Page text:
Apple is making a significant change to how its Safari browser manages first-party cookies. Digital marketers need to understand this update, because it will affect how they measure unique users, produce cross-channel attribution and use retargeting ads.
What Safari Is Changing, and Why It’s Important
Starting in the very near future, the Safari browser will get rid of first-party cookies created by document.cookie after seven days. Cookies set by HTTP requests, cookies with a shorter expiration and Web Storage will not be affected.
(To put this in context, Facebook’s pixel will track conversions for 28 days, while Google Analytics’ cookie can last as long as two years.)
Let’s say you sell enterprise software, a product that customers might spend weeks or months researching. If your customers rely on Safari, you won’t be able to connect their purchase to all the ads, pages and other content they consumed across multiple sites on their journey through the sales funnel.
The new cookie rule is part of Apple’s Intelligent Tracking Prevention 2.1 release. You can find a more technical explanation on the company’s WebKit blog.
Apple says it’s making the change to safeguard users’ privacy while improving Safari’s security and performance.
This may be a reaction to public concern over ads that make us feel like we’re being spied on. Many people have a story about reading an article about, say, bad breath and then immediately seeing ads for breath mints in their Facebook feeds.
How Will Safari’s New Cookie Rules Impact Your Marketing Analytics and Reporting?
Because Safari’s cookies will expire so quickly, you may see the number of new visitors to your websites increase. Many of these “new” visitors will be people who’ve actually been to your site before. You simply won’t have a way to recognize them from their earlier visits.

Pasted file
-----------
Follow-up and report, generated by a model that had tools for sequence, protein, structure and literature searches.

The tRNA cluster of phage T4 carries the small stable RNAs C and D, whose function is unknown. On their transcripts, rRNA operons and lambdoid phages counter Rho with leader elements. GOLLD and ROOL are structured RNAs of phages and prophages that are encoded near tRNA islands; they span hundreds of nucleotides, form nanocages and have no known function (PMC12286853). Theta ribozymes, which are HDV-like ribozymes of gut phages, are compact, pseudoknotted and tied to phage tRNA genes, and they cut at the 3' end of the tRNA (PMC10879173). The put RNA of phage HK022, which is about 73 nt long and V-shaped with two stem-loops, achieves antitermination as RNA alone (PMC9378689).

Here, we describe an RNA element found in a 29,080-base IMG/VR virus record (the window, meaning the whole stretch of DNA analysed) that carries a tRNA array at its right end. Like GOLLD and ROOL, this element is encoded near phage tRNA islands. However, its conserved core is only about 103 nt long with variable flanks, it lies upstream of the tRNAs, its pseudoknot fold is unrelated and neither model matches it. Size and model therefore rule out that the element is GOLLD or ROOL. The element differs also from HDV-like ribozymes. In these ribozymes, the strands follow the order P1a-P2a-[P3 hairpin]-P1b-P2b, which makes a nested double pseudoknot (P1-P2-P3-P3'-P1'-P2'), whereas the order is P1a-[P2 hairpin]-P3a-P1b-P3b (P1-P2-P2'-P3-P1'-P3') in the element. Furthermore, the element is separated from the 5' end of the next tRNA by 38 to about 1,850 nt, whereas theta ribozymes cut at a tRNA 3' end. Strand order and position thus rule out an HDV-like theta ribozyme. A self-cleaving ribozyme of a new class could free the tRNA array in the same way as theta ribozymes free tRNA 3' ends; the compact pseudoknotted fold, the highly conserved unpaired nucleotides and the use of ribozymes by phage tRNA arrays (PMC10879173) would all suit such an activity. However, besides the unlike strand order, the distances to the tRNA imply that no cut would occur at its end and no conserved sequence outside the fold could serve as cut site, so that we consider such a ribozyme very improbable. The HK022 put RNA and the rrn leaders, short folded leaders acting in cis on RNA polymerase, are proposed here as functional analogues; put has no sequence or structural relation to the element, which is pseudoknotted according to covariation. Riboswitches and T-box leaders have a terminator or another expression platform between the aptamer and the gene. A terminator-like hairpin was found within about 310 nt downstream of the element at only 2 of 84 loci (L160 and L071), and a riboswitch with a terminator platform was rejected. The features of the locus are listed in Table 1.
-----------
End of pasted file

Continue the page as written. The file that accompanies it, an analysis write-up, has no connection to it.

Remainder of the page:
You may also notice changes in User ID, Cohort Analysis and Multi-Channel Funnels reporting in Google Analytics. Floodlight ads may record more impressions than before.
This is a problem, but it’s important to keep the size of the problem in perspective. According to StatCounter, Safari represents just under 16 percent of all web browser usage. While it’s the second most popular browser, it’s a distant second to Chrome’s 62 percent.
If you look at mobile devices only, Safari browsers account for 21 percent of usage, compared to 57 percent for Chrome. Safari does lead on tablets — 67 percent usage vs. 20 percent for Chrome — but tablets claim less than 4 percent of market share.
What About Other Browsers Like Firefox and Chrome?
Mozilla already offers anti-tracking on its Firefox browser. Right now, users have to turn it on. But Mozilla has said it might make anti-tracking the default, possibly as soon as this spring. (FYI: Firefox’s share of total global browser use is under 4 percent.)
It’s hard to imagine Google ever adopting an anti-tracking philosophy. The company is too invested in the advertising business to disable cookies in Chrome browsers.
One thing to keep in mind: Third-party ad networks might find a way around Safari’s new rules. After all, they’ve done it before. The previous version of Intelligent Tracking Prevention, 2.0, only affected third-party cookies, but the ad networks found a workaround using first-party cookies. That’s why Apple is getting ready to unleash ITP 2.1.
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